Accustomed today to remain in virtual spaces, satisfied with simple images, hurrying to distinguish our preferences with a "like it", we  increasingly do not recognize the revelatory function of architecture, or at least we select the most superficial and useful information to the extent that it will allow us to stay in comfortable spaces, promoting the genesis of an architecture for the media that hides behind its epidermal formal fanfare, the monotony of standardized production and the lack of attention to what the context demands.

Three architects who share these concerns met in a cafe in Arequipa and agreed to share a vivid architectural experience which transcended the ordinary and, in some way or another,  influenced their way of perceiving the world or finding themselves.  They hope that through these experiences they will encourage more people to tell their own ones and thus made a small contribution  to put architecture in the proper place.

I will share with you my own experience. The other ones are available in the blog in Spanish.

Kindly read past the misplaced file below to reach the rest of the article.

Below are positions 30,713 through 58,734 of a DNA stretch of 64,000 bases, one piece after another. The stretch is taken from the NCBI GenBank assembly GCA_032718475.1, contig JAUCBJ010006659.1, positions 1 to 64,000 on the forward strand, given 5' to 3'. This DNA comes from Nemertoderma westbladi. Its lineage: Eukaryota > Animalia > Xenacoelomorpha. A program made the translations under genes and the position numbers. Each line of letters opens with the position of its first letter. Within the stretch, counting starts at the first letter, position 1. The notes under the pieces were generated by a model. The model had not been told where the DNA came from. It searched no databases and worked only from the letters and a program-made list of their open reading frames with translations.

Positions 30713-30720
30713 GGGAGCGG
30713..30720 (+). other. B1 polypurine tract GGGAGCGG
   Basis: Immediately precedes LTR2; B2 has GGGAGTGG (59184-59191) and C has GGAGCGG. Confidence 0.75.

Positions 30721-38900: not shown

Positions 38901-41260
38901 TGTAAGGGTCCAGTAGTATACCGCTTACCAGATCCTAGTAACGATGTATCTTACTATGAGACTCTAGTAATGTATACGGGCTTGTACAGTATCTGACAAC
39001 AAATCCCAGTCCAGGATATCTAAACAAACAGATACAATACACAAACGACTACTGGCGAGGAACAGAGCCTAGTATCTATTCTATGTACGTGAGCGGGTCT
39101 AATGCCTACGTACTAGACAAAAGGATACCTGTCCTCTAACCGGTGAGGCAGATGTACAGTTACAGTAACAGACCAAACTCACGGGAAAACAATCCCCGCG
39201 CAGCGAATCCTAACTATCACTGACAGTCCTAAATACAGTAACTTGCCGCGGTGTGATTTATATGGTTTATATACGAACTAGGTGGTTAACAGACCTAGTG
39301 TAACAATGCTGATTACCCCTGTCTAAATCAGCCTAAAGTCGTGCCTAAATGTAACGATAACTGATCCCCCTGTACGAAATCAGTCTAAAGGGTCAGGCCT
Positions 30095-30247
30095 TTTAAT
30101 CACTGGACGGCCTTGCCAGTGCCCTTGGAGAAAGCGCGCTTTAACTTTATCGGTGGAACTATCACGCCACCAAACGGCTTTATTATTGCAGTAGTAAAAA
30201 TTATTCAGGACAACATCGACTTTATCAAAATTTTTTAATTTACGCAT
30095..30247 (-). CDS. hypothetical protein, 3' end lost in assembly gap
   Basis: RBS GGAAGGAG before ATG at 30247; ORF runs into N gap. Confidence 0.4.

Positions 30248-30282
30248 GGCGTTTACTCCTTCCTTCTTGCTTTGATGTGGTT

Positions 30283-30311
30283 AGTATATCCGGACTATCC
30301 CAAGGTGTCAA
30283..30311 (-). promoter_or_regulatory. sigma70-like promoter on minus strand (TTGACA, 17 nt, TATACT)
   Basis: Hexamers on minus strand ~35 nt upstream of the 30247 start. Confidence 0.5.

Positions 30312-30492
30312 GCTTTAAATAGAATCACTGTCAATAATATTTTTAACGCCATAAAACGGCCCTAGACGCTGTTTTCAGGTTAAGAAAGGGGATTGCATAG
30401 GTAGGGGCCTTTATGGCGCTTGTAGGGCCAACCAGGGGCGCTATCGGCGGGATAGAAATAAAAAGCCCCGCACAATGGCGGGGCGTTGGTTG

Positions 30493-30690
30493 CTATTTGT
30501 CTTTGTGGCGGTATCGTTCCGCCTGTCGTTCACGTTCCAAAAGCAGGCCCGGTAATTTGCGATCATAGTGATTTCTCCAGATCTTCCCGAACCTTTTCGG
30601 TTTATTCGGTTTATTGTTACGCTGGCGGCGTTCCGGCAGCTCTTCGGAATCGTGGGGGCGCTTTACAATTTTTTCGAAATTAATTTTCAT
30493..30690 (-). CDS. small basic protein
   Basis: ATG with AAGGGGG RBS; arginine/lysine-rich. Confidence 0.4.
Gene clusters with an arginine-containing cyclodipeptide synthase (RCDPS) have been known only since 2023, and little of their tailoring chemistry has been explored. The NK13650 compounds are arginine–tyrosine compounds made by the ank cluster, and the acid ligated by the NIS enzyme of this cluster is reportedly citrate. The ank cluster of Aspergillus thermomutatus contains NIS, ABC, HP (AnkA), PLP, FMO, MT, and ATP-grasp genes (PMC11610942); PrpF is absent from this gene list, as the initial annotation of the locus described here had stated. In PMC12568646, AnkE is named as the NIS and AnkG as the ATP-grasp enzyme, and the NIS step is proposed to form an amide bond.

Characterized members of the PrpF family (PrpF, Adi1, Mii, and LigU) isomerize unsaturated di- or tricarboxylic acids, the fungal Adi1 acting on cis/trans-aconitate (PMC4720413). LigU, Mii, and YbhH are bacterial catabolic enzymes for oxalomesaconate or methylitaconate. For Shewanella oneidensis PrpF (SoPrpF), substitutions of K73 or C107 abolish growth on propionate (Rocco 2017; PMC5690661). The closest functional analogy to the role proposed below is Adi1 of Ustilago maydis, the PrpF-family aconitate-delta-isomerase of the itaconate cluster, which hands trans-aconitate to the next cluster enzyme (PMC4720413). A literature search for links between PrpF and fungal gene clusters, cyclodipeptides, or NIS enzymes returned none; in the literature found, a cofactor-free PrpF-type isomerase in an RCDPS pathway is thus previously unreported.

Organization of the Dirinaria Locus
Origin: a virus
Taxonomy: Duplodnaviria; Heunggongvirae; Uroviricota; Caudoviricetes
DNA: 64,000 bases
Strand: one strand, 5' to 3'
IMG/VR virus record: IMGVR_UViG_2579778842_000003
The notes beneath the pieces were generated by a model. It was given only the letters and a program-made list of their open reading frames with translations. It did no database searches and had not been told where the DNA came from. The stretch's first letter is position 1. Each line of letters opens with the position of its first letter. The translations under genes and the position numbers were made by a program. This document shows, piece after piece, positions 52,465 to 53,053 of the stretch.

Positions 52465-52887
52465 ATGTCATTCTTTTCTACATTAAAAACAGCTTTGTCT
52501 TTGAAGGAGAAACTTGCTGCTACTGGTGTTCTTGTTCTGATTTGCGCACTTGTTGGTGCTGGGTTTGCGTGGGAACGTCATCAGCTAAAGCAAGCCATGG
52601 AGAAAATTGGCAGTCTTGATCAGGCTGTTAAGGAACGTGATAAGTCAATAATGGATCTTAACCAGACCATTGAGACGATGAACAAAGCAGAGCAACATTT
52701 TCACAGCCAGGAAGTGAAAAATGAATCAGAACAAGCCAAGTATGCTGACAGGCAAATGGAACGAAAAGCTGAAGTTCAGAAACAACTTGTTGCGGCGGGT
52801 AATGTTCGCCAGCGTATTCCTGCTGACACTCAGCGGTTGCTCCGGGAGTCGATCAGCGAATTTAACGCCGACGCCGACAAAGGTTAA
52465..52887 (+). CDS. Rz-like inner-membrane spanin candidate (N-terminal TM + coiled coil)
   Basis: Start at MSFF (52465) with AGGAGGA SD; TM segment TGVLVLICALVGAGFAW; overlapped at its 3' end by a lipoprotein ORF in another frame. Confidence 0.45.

Symbolic Hyperbole:
Legislative Assembly of Chandigarh, India, May 2007, 
Carlos Zeballos

Monumental. The scale of the Capitol in Chandigarh overwelmed me. The place conveyed a sense of grand, almost megalomaniac power. It was made ​​to impress, but it seemed to have forgotten to accommodate people. In that hot morning in the Indian spring it would have been very comfortable to sit under a tree, but this sort of banality would had interfered with the colossal perspective of the space, something that the Swiss architect who conceived it was not willing to compromise. 

Still, I was grateful to be standing for the first time before a building by the great master Le Corbusier and to enjoy the landscape of the Himalayas mountains, emerging as a backdrop to the east. I had previously only seen reproductions in black and white of this complex, so it was a very special experience to be standing there, admiring the grandeur of the Capitol,  the strength of their volumes, the roughness and plasticity of the concrete and to be able to breathe the passion for design that the Swiss master embedded in this work, from the urban design to the details of the murals and carpets.

I arrived there escorted by a friend's relative and after he showed me the complex from afar, he prepared to return to the city center. When I insisted to approach in order to have a better look of the buildings, he nervously told me that it was complicated, that I would need to ask for a special permission the next day. I could understand his nervousness because Chandigarh is located near the border with Pakistan , in a very tense area where security measures are taken seriously.